Embarrassment – children and politicans seldom suffer from it, yet it’s part of the social rule book most of us live by. What happens if we change the rules? That’s the question Christine Rossen asks in her interesting opinion piece, saying:
Many people see the decline of embarrassment as a good thing. “Why shouldn’t I be able to do X?” People often say this after having done something outrageous or transgressive. But this misunderstands the distinction between embarrassment – a mild but necessary correction of inappropriate behavior – and shame, which is a stronger emotional response usually involving feelings of guilt about more serious breaches of conduct….
At the very least, embarrassment serves as a reminder that no matter our circumstances, we are more alike than not. Pier Forni, who founded The Civility Initiative at Johns Hopkins University thirteen years ago, recently told Obit magazine, “We are more and more concerned with our own pursuit of personal goals. As we engage in a mad rush for the attainment of our personal goals, we don’t seem to have the time or see the point of slowing down for the purpose of being kind to others.” Nor have we yet found the right balance between connecting with others and Too Much Information. So the next time you feel like sharing the details of your upcoming bunion surgery with your coworkers, resist. You will not only avoid potential personal embarrassment, but you might just make one small step toward improving civility for us all.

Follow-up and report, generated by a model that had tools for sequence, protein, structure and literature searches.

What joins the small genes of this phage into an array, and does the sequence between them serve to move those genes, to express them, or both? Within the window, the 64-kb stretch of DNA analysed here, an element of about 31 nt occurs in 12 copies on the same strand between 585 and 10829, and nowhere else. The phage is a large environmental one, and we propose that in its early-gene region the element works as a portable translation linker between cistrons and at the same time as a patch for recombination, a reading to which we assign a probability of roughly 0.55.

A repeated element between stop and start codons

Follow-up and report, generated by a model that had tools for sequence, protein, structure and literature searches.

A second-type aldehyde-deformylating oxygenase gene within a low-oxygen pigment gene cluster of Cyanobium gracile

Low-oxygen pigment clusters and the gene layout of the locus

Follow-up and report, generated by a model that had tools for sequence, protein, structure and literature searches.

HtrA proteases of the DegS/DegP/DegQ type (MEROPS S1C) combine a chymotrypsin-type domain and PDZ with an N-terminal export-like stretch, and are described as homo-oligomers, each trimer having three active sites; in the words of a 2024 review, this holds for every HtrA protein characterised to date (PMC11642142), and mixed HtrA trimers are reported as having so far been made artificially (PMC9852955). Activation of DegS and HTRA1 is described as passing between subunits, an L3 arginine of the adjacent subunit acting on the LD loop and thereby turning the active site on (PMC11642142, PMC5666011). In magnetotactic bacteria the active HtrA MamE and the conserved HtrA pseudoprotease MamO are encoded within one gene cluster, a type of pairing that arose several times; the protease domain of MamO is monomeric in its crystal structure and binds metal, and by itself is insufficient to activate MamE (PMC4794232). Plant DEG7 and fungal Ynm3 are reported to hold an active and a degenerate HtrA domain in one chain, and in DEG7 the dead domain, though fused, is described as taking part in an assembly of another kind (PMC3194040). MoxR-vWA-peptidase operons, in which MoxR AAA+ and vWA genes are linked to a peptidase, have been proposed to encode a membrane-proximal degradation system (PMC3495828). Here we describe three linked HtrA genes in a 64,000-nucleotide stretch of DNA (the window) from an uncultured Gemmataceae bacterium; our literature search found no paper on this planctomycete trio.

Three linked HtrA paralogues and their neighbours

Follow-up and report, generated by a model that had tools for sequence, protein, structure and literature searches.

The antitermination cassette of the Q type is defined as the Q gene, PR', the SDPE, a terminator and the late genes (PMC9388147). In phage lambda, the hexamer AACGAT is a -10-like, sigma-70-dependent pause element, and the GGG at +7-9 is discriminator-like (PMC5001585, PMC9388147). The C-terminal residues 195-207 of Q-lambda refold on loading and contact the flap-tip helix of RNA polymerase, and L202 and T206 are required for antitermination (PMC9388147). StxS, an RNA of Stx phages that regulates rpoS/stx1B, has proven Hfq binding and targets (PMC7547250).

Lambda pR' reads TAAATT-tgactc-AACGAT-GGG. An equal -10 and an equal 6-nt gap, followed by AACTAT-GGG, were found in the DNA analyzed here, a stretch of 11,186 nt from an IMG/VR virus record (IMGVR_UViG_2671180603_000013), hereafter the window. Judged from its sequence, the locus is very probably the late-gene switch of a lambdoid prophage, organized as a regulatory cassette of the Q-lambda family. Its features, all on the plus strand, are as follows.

And maybe if we saw politicians being a little more honest in their reactions (for example to hearing the people speak, such as with the mining march in Auckland) we’d start to respect them just a little bit more as well.